Oxfam reaction to the WTO decision on the extension of the transition period of TRIPS implementation to LDCs
The poorest nations in the world succeeded in securing a deal to extend the transition period on the implementation of Trade Related Aspects on Intellectual Property Rights (TRIPS) by eight more years. The deal was reached after months of intense negotiations and immense pressure from the rich countries.
The decision means that Least Developed Countries (LDCs) will have 8 years space to access medical technologies such as diagnostics and medical devices. However, the compromise deal falls short of the LDCs’ request for extension until a country ceases to be an LDC.
Oxfam and other campaigning organizations have supported poor countries in resisting the pressure from the US and EU who pushed for an even shorter period.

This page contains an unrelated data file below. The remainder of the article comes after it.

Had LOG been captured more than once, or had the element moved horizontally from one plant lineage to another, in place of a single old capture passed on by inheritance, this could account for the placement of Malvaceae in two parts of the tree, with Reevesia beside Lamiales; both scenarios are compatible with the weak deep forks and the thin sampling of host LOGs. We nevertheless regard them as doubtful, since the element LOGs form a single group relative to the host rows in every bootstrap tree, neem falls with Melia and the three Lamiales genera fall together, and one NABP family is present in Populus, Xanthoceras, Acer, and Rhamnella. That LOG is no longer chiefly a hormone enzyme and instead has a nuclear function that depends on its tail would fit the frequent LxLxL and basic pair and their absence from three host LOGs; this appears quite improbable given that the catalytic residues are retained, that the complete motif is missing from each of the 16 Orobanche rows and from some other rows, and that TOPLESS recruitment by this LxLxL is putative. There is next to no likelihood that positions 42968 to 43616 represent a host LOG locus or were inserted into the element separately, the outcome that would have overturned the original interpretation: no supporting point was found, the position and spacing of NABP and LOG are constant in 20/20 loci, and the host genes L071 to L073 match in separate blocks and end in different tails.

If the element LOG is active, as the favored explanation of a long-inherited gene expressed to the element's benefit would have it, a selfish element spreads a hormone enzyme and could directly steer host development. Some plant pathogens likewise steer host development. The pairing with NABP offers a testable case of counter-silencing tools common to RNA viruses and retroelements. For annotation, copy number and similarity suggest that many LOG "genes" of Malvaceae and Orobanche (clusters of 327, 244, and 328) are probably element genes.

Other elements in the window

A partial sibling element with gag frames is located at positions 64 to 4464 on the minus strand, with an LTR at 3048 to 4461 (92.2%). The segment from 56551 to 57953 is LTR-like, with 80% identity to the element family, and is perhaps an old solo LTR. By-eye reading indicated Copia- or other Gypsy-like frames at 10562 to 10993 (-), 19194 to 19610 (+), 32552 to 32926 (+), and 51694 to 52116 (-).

Oxfam spokesperson Mohga Kamal-Yanni said: "This is better than nothing but short time extension does not allow LDCs to build up their own technological and knowledge base, and the laws and regulations necessary for implementation of the TRIPS agreement – let alone to benefit from such implementation. We supported LDCs’ request because they need the space to implement intellectual property systems appropriate for their development needs.
“It is shameful that rich countries opposed the fair request of the LDCs. We hope that this position is not repeated when the special waiver on medicines expire in January 2016.”
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